Podcast Season 2, Episode 30: The Real Pace of Learning

Children are expected to learn at a steady pace, starting fourth grade at a 4.0, and ending at a 4.9 or 5.0, with steady consistent growth of .1 each month along the way.


I have never met that child.


Every child I have ever worked with has had periods of explosive growth and periods of stagnation and even regression.


We expect that steady straight line, but the spikes and dips and plateaus is closer to the reality that I see.  I also want to point out that some kids will not start or end at the expected points, although I had them line up for this illustration.


And while it is easy to look at this overall graph and think, “Yeah, there’s nothing to worry about.  That kid made great progress!”  it’s not so easy to feel that way in November, when a kid who WAS doing really well, hasn’t made growth in months!


Kids will make progress, at their own pace, and you don’t need to panic when progress hasn’t happened in a while.


But you’re probably wondering: Why does this happen? What can we do about these plateaus and dips?  Is there a way to maintain better momentum?


Great questions!


Why does this happen? 

Kids often get very enthusiastic initially, and then become bored.  So their progress can be directly linked to their enthusiasm for learning the skill.


Kids also will have enough background knowledge to make rapid growth initially, before getting stuck on a harder concept for a while.  Then when they break through that struggle, they excel again for a while, before hitting another roadblock.


And for some kids, it has to do with self-confidence.  They don’t feel self-assured enough to make progress initially.  Then they have a breakthrough and feel great, and make huge growth before getting stuck and losing confidence again.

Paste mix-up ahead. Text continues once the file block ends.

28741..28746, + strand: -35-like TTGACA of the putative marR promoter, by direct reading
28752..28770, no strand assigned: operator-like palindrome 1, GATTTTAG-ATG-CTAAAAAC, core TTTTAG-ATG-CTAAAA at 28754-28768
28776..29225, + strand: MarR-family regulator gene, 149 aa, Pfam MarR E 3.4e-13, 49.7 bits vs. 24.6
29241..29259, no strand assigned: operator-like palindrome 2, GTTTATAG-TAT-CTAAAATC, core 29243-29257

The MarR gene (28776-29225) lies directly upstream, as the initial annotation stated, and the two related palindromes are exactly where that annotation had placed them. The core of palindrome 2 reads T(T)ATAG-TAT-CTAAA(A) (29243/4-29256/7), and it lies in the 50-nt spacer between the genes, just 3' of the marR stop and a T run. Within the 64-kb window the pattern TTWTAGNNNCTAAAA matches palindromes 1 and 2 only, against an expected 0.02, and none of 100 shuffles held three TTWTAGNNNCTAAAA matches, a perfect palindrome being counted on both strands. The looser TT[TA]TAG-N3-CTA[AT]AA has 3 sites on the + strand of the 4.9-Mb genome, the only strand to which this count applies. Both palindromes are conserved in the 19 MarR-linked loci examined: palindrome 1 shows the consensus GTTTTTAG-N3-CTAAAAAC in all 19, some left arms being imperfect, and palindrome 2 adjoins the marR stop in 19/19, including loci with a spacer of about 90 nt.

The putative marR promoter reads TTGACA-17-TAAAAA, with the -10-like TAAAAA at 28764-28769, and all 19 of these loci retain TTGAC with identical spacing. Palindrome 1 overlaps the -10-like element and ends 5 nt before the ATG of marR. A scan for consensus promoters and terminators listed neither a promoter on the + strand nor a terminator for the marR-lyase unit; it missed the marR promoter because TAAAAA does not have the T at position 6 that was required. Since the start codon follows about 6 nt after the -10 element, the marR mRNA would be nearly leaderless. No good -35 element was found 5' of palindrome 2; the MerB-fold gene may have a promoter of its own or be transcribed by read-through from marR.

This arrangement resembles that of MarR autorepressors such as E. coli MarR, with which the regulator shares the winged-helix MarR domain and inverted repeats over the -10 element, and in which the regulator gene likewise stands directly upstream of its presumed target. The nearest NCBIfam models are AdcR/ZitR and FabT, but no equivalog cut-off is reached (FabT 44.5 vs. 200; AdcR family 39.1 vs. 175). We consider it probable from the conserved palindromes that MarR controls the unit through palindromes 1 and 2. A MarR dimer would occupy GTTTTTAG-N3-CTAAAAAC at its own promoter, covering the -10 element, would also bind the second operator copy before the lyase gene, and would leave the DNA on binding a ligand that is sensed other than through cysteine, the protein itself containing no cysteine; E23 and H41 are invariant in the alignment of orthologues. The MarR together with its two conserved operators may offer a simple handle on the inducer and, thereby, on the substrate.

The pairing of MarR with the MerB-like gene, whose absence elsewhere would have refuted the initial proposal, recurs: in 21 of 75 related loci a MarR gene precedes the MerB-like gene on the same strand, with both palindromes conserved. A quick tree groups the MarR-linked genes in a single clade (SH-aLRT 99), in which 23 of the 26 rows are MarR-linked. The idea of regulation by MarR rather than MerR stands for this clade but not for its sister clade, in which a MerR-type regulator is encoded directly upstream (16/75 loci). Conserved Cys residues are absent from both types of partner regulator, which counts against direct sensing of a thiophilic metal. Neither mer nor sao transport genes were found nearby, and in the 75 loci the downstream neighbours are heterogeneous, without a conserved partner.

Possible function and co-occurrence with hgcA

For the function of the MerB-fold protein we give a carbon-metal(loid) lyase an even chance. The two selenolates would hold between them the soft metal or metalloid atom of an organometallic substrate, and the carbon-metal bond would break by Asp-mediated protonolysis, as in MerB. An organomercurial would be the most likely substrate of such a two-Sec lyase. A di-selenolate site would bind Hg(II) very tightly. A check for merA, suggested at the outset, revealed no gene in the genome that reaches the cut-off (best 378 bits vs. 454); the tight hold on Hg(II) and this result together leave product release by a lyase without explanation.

What can we do about these plateaus and dips?   Is there a way to maintain better momentum?


One of the best strategies to try when you notice boredom or resistance to daily lessons is to bring in novelty.  When things are new again, they feel fresh.  This can be as drastic as changing which curriculum you’re using, or can be as simple as:

  • Changing the tool: Crayons instead of pencils

  • Changing the location: outside, on the couch, under the dining room table

  • Changing the time of day: after lunch instead of after breakfast

  • Bringing in something new: music, snacks, a “new student” (the dog or a stuffed animal)


Of course, I am never a proponent of forcing a child to do something they are really against.  Have a genuine conversation with your child to see what is going on and why they’re feeling resistant.  Give them options, and ask for their suggestions.


You might need to take a break from the lessons for a while, but perhaps your kiddo would be on-board to do a little practice to maintain previously-mastered skills.


A word of caution

As you can imagine from all the possible learning graphs of spikes, dips, and plateaus, every child is different and comparing two kids is rarely beneficial.  


Keep your own feelings about your child’s progress in check.  


Your child is an awesomely unique human who is developing their skills in their own way and at their own pace.  Another child’s pace does not reflect anything on your own child’s pace.


However, if in your gut, you know that something is off- your child needs more help, a different program, etc. - make it happen!  Don’t ignore those gut feelings, just be sure that they ARE gut feelings!



We expect kids to make slow and steady progress, but I’ve never met a kid who did.  Adjust as needed!


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Decoding Learning Differences